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  • Ebonizing Wood

    Hi All,
    I wanted to ebonize a couple pieces of Walnut for a project that I'm working on. I've read in many places that putting a piece of steel wool in vinegar for 24 hours will give you an ebonizing solution. I did that, and after 24 hours the vinegar is still clear???
    Any ideas? I would really like to avoid painting if I can.
    Thanks in advance,

    Kevin
    Kevin
    Scrollsaw Patterns Online
    Making holes in wood with an EX-30, Craftsman 16" VS, Dremel 1680 and 1671

  • #2
    We've got an article on that coming up in the next issue, but that won't help you know <Grin>

    From what Mac Simmons says in the article, steel wool has a coat of oil over it that takes a little time to dissolve. The reaction doesn't occur until that oil is gone...he also suggest putting a couple old screws and some old nails in the mixture and "shredding" the steel wool...

    Hope it helps!

    Bob
    www.GrobetUSA.com

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    • #3
      yes, and the mixture may stay fairly clear, dont let that discourage you. I know that doing that on red oak is simply amazing. If I get time tonight Ill post a picture of a red oak labrador that I turned into a black lab by ebonizing. Dale
      Dale w/ yella saws

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      • #4
        Dale.....I found that out tonight (that it stays relatively clear)!
        I used it on some Walnut and it worked exactly as I had hoped. I'll be posting a pic later in the week of what I needed it for.
        Thanks for the help guys.

        Kevin
        Kevin
        Scrollsaw Patterns Online
        Making holes in wood with an EX-30, Craftsman 16" VS, Dremel 1680 and 1671

        Comment


        • #5
          its like watching a magic trick isnt it? Another wonderful wonders of wood! Im glad it worked out for ya! Dale
          Dale w/ yella saws

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          • #6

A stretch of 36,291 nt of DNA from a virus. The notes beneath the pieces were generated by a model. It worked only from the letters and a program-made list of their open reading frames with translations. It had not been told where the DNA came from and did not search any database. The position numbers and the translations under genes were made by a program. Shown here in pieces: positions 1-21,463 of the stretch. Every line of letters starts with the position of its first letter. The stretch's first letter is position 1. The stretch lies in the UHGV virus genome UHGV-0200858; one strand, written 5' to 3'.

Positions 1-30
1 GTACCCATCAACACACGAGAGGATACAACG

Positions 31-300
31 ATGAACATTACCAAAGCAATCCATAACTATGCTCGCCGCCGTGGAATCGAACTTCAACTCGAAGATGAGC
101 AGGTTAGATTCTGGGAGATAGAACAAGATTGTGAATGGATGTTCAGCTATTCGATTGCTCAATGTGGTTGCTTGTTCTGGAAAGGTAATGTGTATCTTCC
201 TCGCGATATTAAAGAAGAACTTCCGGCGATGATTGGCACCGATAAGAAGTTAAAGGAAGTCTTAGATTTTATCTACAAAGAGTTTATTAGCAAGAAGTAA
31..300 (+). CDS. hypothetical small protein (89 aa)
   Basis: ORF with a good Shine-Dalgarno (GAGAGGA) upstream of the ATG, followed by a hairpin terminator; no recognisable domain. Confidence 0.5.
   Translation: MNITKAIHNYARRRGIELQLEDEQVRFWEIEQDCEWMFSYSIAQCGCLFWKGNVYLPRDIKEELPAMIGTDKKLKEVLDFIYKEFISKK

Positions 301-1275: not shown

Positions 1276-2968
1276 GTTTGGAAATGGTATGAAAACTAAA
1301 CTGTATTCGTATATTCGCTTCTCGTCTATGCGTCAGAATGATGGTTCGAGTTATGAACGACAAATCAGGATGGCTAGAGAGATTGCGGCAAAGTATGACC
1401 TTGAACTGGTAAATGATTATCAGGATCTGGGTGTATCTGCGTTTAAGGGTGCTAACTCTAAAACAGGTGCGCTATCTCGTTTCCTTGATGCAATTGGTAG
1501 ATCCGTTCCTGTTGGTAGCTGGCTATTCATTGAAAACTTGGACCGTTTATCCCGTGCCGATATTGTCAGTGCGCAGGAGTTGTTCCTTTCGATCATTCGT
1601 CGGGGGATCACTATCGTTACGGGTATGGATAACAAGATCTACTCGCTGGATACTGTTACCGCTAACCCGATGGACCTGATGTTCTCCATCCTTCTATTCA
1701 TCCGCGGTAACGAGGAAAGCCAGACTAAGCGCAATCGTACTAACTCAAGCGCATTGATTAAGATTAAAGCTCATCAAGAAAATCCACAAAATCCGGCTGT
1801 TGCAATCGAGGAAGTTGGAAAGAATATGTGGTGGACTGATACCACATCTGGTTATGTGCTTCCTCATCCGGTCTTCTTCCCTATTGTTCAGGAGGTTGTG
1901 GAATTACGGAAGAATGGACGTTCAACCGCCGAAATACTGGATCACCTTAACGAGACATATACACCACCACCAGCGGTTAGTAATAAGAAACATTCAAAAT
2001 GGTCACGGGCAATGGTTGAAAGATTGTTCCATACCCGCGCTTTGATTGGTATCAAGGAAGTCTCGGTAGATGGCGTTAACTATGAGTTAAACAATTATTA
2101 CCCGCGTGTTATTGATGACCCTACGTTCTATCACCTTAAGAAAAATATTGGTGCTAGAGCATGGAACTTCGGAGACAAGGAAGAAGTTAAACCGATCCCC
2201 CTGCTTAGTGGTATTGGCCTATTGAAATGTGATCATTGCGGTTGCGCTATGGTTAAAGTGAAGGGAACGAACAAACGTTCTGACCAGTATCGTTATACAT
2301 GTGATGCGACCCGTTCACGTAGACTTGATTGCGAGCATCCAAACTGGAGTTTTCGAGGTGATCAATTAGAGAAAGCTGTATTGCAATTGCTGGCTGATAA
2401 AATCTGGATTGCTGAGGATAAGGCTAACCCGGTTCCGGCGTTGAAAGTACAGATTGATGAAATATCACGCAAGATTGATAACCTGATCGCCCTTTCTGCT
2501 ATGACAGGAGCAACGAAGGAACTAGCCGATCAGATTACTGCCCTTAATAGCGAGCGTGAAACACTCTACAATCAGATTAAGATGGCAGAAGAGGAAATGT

Hi Kevin,

            I'm really curious about the process, how good does it work? how dark does the wood get? how did you proceed? Does it stink? does the wood smell after?

            Hope you took before and after pictures so you can report on it.

            Very curious,
            Marcel
            http://marleb.com
            DW788. -Have fun in the shop or it isn't a hobby anymore.

            NOTE: No trees were killed in the sending of this message, but a large number of electrons were terribly inconvenienced.

            Comment


            • #7
              You judge for yourself , Ill try posting a picture of a black lab clock. The dog was cut with the saw table tilted a few degrees so the dog protrudes. The dog is the piece of red oak that was in that spot, just ebonized. As you will see, hes not a chocolate lab, but in fact a black lab.
              Ok, a hunk of steel woll in a jar of white vinegar, left sitting for a couple days. Once the wood was cut and ready, i just slobbered on the vinegar. No real technique to it, just covered the wood good. The tiny parts like dog feet print pieces were just plopped in the jar and left a minute or so while I watched in amazement as the wood magically darkened. I then let it dry good, and no, it didnt really smell that much, certainly less then a coat of poly would smell.It works diffrent on diffrent woods, depending on the tannin in the wood itself. I hope Mac finds time to post a few lines in here, he is an expert. Dale ill post in gallery, sorry, im too dumb to figure out how to post it here. Im sure theres a simple way, maybe Bob D can slide the photo over into here from the gallery in the morning.
              Last edited by lucky788scroller; 04-24-2006, 09:56 PM.
              Dale w/ yella saws

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              • #8
                Ebonizing

                In regard to making up an 'ebony' dye stain, let me note, that not all steel wool has oil to protect it from rusting, I only mentioned that, to let the readers know that the oil will retard the process. To speed up the process, you can add two or three steel wool pads into the vinegar, plus some old rusty nails and screws.